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The neural correlates of subjective value during intertemporal choice

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Neuroimaging studies of decision-making have generally related neural activity to objective measures (such as reward magnitude, probability or delay), despite choice preferences being subjective. However, economic theories posit that decision-makers behave as though different options have different subjective values. Here we use functional magnetic resonance imaging to show that neural activity in several brain regions—particularly the ventral striatum, medial prefrontal cortex and posterior cingulate cortex—tracks the revealed subjective value of delayed monetary rewards. This similarity provides unambiguous evidence that the subjective value of potential rewards is explicitly represented in the human brain.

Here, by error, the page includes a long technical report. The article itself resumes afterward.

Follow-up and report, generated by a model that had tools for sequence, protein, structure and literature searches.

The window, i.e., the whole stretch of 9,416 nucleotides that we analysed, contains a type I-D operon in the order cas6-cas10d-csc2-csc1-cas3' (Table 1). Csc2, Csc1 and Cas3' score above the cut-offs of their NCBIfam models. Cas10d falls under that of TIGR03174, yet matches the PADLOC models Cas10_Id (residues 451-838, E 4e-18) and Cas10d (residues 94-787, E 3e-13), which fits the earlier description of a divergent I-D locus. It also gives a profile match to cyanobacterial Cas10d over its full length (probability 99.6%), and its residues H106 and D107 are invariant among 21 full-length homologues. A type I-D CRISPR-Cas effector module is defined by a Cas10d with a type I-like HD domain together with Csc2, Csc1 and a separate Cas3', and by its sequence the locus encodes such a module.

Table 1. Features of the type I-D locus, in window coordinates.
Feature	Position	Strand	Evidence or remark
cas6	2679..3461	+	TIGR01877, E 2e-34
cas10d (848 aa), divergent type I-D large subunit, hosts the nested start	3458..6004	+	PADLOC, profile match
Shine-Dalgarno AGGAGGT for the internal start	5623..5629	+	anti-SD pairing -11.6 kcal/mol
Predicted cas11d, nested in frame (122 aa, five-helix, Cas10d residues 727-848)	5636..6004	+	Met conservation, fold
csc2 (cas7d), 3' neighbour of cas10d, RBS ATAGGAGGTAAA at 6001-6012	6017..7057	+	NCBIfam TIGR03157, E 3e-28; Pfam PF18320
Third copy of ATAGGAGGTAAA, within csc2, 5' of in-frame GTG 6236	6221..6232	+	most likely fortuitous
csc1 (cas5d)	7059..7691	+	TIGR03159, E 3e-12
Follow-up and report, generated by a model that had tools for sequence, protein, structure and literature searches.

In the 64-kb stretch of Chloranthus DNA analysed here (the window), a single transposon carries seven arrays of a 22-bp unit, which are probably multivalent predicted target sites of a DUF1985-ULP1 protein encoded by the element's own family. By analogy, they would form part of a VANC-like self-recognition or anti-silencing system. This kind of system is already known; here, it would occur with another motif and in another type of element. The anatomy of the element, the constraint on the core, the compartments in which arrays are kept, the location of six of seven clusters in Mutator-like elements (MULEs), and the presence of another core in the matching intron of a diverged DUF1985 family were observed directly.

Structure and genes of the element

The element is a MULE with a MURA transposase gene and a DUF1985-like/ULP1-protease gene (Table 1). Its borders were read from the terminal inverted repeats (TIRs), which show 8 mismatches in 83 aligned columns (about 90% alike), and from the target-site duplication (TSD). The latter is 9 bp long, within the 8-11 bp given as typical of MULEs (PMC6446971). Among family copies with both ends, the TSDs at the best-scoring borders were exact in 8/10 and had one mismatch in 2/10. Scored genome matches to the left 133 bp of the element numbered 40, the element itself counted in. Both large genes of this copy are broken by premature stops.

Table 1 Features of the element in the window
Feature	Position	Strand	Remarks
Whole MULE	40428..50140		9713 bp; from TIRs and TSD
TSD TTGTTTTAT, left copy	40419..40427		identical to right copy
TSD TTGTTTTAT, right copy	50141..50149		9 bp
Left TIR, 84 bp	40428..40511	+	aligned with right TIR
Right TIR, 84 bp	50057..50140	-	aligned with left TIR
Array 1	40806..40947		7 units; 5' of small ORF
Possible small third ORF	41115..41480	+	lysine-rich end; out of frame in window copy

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Figure 1: Intertemporal choice task.
Figure 2: Subject-specific discount functions.
Figure 3: Group analysis showing areas in which activity is correlated with subjective value.
Figure 4: Single-subject analyses showing areas in which activity correlated with subjective value.
Figure 5: Single-subject time courses and neural discount functions.
Figure 6: Psychometric-neurometric comparisons.
Figure 7: Single-subject example of unbiased value ROIs and resulting neural discount functions.
Figure 8: Neural activity tracks subjective value, and not a more impulsive (β) or more patient (δ) estimate of value.

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  • 11 November 2007

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We thank A. Bisin, A. Caplin, M. Grantner, D. Heeger and I. Levy for their comments on earlier versions of this paper. This work was supported by grants from the National Institutes of Health (F32-MH75544 to J.W.K. and R01-NS054775 to P.W.G.), the McDonnell Foundation (to P.W.G.) and the Seaver Foundation.

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Correspondence to Joseph W Kable or Paul W Glimcher.

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Kable, J., Glimcher, P. The neural correlates of subjective value during intertemporal choice. Nat Neurosci 10, 1625–1633 (2007).

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